y A Typology of Informal Credit Suppliers: Money Lenders

A Typology of Informal Credit Suppliers:
Money Lenders

Money Lenders
"The Business of Lending: Money Lenders as Enterprises"


ending by money lenders is an activity that antedates contemporary banking system from ancient times. They have been organized in the form of family or individual business. They vary in their size from small petty money lenders to substantial indigenous bankers whose businesses, at times, have exceeded that of commercial banks.

In India, historically, money lenders have had a prominent position in the capital and credit markets. They are usually aligned along ethnic lines and are variously called as shroffs, seths, sahukars, mahajans, chettis etc. in different parts of the country [Das-Gupta, 1990:9-12].

Money lenders lend money, act as money-changers and finance loan trade by means of bills of exchange. They usually use working capital of their own, and do not generally get deposits or solicit savings from the public. They grant loans on personnel recommendation and guarantee to persons well-known to them. They also sometimes grant loans against securities such as gold, jewellery, land, promissory notes etc [Iqubal, 1988: 367-369]. Money lenders usually do not have contact with other suppliers/institutions as they usually depend on their own funds. But they do borrow from joint stock banks and other financial institutions in times of high demand, thus creating a channel where formal funds are channeled to the informal sector .

Various attempts have been made by the Reserve Bank of India (RBI) - to regulate and bring into its preview, the functioning of money lenders and indigenous bankers. Recommendations from RBI that detailed accounting styles, rediscounting and deposit taking functions, support by commercial banks etc. were not accepted by associations and unions of lenders, disagreeing with some of the provisions made by RBI [Sundharam, 1996: 5.23-5.27].

Money Lenders in India come under control of the Money Lenders Act, promulgated by each of the different states. The Act essentially sets out the appointment of a Registrar-General of Money-Lenders who maintains a Register of Money-lenders in their jurisdiction. The Registrar provides for a license to money lenders to carry out their business, regulates the terms and conditions under which a loan is provided to borrowers, and arbitrates in disputes between money-lenders and borrowers in cases of default or other aspects. Compliance with the Act is rare however, and majority of the money-lenders do not obtain such a license to operate.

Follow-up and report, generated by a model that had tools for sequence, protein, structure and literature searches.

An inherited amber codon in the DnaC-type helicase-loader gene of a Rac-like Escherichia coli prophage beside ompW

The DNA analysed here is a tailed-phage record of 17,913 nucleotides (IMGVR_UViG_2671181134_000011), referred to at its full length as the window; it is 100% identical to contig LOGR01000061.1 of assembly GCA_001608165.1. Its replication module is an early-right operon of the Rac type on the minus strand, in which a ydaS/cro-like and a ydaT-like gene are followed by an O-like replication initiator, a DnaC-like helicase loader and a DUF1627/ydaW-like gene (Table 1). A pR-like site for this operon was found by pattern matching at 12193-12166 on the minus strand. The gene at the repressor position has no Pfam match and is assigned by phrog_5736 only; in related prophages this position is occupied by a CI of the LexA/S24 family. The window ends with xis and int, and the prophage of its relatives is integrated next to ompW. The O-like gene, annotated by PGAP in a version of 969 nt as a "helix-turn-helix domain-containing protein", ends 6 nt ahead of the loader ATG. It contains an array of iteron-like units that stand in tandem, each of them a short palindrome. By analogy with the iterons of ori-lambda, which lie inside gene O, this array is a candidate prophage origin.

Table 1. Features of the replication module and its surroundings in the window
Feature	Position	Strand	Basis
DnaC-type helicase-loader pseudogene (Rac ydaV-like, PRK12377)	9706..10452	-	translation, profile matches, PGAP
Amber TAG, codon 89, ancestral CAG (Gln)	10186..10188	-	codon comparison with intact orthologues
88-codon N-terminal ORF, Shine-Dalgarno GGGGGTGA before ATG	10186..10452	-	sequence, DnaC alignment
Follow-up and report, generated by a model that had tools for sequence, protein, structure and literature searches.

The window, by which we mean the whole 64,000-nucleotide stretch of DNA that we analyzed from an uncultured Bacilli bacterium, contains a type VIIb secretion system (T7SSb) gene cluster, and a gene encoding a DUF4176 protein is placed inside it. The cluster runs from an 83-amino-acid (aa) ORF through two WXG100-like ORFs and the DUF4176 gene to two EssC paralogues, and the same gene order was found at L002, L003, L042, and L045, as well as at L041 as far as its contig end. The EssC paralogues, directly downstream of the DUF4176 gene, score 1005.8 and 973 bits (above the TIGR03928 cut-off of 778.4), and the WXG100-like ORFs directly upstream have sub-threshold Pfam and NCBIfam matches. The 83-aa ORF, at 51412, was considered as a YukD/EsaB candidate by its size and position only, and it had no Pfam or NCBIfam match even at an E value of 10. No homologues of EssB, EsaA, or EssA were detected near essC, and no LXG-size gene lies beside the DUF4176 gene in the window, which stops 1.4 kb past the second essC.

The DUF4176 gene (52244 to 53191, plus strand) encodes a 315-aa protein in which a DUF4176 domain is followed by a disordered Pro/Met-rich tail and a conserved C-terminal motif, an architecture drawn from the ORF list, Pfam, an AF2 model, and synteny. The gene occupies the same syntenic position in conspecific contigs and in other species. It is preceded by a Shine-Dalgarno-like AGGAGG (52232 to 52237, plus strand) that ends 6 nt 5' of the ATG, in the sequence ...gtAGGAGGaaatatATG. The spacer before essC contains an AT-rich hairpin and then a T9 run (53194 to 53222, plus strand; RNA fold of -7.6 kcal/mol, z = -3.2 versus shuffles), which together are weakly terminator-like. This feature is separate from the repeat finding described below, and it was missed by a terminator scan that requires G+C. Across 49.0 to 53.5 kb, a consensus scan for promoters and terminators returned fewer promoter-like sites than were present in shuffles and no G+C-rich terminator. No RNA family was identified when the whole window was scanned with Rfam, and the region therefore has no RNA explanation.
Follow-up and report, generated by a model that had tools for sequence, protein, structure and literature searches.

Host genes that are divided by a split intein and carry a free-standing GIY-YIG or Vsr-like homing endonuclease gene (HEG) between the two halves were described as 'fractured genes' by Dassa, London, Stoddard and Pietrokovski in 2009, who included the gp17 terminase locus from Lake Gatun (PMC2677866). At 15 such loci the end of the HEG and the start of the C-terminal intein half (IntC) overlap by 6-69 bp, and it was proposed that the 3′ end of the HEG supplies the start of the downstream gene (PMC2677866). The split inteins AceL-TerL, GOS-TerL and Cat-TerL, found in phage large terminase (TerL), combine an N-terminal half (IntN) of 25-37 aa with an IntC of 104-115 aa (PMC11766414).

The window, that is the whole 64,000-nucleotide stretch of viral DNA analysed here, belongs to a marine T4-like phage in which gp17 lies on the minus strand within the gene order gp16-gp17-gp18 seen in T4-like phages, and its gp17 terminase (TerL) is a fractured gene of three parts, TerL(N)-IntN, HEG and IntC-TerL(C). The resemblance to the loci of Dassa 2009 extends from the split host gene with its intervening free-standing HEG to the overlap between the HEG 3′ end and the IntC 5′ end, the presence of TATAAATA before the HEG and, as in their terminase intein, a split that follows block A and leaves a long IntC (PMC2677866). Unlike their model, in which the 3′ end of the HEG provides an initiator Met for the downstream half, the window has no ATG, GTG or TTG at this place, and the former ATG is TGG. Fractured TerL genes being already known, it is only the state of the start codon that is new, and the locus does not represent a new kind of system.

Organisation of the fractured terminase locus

Literature Review of Money Lenders

Issue Discussion References
Advantages of money lenders
  • They usually provide short-term finance of small loans - which is ideally suited to low-income groups, who cannot digest' larger loans, and do not prefer long-term commitments.
  • They provide loans to borrowers expeditiously and in a flexible manner, thus making finance available immediately, when it is needed and with a minimum amount of paper-work and official requirements.
  • They function in close physical proximity to the borrower, enabling frequent contact and thus dispensing the need for collateral requirements.
  • They do not have fixed business hours, and therefore provide loans as and when requests are made.
Sundharam, 1996: 523-527 Tannan,1954:9-21 GoK, 1968 ADB, 1990
Disadvantages of money lenders
  • They are unorganized and do not have any contact with other sections of the banking industry
  • They combine money lending with trading and commission activities and thus introduce risk into their business.
  • They do not distinguish between short-term and long-term finance and also in the purpose of the loans.
  • They follow traditional methods of keeping accounts and do not give receipts in most cases.
  • They charge high rates of interest in proportion to banking institutions.
Relationship with Banks
  • Money lenders play a useful role in providing credit loans to sectors not supported by commercial banks.
  • Money lenders may borrow from commercial banks during high demand for credit, by using bills of exchange or their own funds as security.
Key Implications of Money Lenders:
  • Credit provided by money lenders is timely - that is, it is available immediately when it is most needed - need for quick/timely credit.
  • They do not maintain regular business hours, and usually work throughout the day - thus making themselves available to borrowers at any time - flexible business hours.
  • They live or work close to the residences and work places of their borrowers, and are hence easily accessible - close physical/psychological proximity.


Money Lenders

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